The old washroom is closed to the public and had obviously not undergone any restoration. I think that was one of the reasons I found it rather fascinating.


      • Live about one and a half hour from Sacramento now. Was talking about that one, where we went for birthdays of the grand kids. It has an actually more luxurious interior than the one in the Los Angeles – Fullerton. (Seeing all these beautiful buildings in Thurs. doors, Iwish, but have never been in Toronto:) )

        Liked by 1 person

  8. I love that elevator! It reminds me of the one at the Hotel del Coronado. Funny that it was scandalous to see ladies enter a washroom. Now, you see ladies going into men’s room since the ladies rooms never have enough stalls. How times have changed.


  9. I love ghost stories!! And your beautiful building and doors look like they would keep a few ghosts tucked away. Did you note any lavendar fragrances floating about?


    • I love a good ghost story too. It gives a building a certain je ne sais quoi 🙂

      I had no ghost sightings, or in this case – “smellings”. It’s probably just as well. It would likely scare me half to death.

      Liked by 1 person

  10. Your posts continue to make me homesick. I love learning all of the additional details (like the part about the wallpaper) that I never knew!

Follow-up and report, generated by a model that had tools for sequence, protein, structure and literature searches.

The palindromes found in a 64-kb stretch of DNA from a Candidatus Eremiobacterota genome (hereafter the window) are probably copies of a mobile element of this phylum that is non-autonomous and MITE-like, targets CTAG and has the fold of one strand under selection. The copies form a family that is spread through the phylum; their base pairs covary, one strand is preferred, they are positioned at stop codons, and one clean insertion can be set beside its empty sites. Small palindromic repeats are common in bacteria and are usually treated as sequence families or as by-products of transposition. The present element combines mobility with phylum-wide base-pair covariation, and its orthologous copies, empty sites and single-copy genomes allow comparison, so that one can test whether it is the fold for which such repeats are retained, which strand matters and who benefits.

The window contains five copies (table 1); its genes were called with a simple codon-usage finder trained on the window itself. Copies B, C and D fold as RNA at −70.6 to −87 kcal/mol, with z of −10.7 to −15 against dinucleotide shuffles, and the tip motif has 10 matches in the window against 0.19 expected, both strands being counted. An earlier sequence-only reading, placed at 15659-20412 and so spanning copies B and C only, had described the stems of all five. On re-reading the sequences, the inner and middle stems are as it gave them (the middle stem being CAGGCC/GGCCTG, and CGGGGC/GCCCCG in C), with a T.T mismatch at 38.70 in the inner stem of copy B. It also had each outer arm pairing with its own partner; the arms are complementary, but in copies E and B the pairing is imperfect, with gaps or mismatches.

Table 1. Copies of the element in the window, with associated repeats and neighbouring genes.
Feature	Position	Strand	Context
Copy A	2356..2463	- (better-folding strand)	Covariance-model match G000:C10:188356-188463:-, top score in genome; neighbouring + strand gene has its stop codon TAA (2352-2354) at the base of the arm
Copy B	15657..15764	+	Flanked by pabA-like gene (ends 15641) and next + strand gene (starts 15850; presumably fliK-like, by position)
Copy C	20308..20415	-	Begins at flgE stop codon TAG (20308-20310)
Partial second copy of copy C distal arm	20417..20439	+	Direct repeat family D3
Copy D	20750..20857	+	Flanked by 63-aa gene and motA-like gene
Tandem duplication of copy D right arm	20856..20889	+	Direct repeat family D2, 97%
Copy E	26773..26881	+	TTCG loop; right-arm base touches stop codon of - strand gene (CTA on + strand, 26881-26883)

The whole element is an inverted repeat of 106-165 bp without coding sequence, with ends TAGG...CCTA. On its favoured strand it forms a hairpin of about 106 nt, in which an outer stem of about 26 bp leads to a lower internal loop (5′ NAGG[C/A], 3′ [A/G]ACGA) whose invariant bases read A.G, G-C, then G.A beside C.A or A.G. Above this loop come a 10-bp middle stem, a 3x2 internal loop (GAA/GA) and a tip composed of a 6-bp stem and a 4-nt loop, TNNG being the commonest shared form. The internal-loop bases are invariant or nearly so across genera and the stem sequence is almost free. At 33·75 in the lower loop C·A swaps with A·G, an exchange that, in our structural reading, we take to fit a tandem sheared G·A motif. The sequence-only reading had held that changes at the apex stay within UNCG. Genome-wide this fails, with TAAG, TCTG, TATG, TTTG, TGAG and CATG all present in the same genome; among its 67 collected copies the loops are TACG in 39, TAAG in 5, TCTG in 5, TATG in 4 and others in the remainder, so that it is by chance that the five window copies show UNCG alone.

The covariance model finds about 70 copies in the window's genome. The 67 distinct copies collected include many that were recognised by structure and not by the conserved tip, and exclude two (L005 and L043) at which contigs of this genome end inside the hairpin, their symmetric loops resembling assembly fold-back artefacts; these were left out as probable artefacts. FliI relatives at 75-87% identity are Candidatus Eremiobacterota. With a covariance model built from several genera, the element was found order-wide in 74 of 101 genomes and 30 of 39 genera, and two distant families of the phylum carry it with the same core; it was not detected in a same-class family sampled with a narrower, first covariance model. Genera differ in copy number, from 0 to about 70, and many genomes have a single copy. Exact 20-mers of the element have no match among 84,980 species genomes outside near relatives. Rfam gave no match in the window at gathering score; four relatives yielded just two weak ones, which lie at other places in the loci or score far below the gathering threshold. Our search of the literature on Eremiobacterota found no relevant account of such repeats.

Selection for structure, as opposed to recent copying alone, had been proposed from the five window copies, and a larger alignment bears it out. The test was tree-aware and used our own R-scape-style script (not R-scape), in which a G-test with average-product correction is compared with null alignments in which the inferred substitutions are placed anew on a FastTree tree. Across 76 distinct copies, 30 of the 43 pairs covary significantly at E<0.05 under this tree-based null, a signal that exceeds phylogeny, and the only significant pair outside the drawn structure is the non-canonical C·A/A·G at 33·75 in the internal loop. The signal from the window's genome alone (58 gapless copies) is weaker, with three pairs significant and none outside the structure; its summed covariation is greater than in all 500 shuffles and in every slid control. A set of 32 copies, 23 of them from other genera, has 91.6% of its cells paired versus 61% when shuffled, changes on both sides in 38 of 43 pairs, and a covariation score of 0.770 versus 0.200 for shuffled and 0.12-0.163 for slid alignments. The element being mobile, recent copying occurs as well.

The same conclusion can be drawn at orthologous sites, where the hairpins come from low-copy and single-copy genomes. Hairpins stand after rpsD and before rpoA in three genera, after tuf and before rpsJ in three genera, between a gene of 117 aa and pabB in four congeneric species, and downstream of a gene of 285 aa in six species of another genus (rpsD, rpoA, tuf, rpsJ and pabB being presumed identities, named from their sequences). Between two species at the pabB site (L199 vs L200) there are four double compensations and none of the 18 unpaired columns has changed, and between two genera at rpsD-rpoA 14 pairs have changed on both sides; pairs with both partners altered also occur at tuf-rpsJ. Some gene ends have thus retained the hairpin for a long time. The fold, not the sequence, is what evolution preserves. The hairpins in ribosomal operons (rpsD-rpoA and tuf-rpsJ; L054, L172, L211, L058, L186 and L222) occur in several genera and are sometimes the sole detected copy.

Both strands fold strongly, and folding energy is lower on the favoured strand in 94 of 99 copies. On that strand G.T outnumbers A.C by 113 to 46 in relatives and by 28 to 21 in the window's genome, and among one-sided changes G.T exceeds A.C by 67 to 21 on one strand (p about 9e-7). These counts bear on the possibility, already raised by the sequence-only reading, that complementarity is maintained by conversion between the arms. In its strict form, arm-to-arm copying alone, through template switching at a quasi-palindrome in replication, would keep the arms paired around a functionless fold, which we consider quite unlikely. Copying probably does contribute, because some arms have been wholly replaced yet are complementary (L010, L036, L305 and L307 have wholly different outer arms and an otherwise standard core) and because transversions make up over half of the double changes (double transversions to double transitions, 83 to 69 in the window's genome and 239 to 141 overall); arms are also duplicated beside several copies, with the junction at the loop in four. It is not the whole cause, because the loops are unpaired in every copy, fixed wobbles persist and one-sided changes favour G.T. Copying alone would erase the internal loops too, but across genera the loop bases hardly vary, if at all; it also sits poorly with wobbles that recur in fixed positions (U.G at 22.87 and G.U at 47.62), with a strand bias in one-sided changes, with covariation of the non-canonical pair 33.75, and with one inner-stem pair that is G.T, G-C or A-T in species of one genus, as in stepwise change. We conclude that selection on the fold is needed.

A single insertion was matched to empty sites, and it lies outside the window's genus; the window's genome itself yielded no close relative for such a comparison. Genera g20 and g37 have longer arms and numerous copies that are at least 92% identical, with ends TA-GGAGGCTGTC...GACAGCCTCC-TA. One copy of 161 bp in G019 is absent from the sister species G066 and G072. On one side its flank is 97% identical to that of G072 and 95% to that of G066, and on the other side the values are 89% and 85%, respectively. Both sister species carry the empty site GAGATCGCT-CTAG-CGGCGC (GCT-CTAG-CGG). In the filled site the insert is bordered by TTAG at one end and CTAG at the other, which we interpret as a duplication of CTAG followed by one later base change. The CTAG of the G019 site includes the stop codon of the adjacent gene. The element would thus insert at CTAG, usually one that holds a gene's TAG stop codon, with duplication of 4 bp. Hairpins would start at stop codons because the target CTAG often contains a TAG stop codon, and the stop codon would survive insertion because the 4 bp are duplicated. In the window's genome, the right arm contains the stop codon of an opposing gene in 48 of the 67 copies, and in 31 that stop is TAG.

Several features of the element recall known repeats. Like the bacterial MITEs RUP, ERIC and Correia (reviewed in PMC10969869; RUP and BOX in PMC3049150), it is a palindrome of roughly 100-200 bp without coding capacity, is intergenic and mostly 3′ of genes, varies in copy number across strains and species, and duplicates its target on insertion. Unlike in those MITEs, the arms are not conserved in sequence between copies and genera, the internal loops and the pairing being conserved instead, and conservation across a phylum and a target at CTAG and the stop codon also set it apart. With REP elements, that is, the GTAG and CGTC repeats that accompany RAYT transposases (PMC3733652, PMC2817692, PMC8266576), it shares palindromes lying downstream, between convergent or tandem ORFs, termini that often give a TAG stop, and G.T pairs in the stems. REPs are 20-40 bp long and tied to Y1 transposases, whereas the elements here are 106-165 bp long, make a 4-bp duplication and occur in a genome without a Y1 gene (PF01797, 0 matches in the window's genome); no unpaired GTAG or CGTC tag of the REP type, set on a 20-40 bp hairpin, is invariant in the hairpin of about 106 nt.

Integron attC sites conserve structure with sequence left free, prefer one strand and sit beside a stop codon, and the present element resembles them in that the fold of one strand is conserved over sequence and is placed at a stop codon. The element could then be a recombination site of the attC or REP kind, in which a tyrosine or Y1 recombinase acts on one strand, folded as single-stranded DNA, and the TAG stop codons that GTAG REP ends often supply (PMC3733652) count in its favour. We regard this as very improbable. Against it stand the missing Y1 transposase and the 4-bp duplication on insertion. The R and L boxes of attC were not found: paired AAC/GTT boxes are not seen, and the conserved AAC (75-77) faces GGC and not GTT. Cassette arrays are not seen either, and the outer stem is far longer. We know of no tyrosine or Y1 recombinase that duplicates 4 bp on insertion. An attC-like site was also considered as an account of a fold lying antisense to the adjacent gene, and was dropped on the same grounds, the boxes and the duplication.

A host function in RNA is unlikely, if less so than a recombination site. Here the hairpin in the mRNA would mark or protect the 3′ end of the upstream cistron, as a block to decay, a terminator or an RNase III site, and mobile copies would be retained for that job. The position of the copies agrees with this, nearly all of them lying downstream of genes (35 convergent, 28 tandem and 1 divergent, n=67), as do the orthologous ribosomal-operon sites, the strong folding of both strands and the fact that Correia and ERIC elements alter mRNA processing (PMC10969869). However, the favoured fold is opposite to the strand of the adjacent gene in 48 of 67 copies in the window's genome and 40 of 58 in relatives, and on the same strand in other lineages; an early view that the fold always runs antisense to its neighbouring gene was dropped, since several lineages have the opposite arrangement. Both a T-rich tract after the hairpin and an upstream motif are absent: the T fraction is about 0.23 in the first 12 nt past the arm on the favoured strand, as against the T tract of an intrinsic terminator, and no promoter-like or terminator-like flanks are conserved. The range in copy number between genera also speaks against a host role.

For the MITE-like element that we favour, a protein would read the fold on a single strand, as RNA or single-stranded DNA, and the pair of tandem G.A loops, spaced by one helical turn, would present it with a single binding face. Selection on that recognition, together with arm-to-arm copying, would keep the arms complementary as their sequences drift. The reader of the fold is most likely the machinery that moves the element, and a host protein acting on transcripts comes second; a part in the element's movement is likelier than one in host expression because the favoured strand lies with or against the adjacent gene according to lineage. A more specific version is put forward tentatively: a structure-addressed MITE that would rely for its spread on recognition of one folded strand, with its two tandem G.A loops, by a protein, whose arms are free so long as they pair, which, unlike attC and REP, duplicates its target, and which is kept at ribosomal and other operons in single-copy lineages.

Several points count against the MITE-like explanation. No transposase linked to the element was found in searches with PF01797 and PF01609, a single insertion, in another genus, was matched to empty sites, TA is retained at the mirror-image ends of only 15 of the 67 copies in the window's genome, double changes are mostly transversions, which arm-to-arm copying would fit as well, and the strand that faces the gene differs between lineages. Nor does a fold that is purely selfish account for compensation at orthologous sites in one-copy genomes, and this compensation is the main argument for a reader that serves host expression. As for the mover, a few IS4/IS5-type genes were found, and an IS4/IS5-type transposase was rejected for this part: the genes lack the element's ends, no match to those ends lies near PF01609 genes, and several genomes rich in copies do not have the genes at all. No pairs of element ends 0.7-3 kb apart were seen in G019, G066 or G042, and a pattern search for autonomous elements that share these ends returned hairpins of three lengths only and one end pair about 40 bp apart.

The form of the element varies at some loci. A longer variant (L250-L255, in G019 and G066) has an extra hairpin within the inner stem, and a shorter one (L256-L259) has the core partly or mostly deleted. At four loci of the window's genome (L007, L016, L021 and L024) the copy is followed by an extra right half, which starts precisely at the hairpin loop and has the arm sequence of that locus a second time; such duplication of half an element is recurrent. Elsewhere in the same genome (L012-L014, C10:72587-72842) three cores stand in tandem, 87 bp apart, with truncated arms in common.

• It’s very rare I get so many great photos that I have trouble choosing which ones to use. That was the case after this visit.
      I think this building is magnificent 🙂


      • There’s so much to love about this story than just another beautiful old building
        1) the powers-that-be actually changed their minds and reversed their original decision! That is so rare!
        2) not only was the building saved, they invested in it to make it better
        3) … and the expansions were respectful to the original plan
        4) the former students know what a treasure they have and keep going back.



  11. I must admit I prefer the elegance of the Elgin over the Winter Garden. We are so lucky to have the entertainment district & all of it’s beautiful theatres in our backyards. Do you plan on covering the rest of them? Perhaps we should book a performance at the same time!


    • There is a thought I hadn’t considered … a series on Toronto’s theatre scene. How sad that the Mirvish restaurants are gone. They would have been a fabulous counter to the theatre series, and Ed’s Warehouse would have been so much fun to write about!! I remember going there so often when I first came to Toronto. The food wasn’t anything, but the ambiance!! Wowzer.


  12. Love the stained glass doors in the lobby, and over the main doors.
    The balcony boxes are lovely with all their ornamental details and gold paint.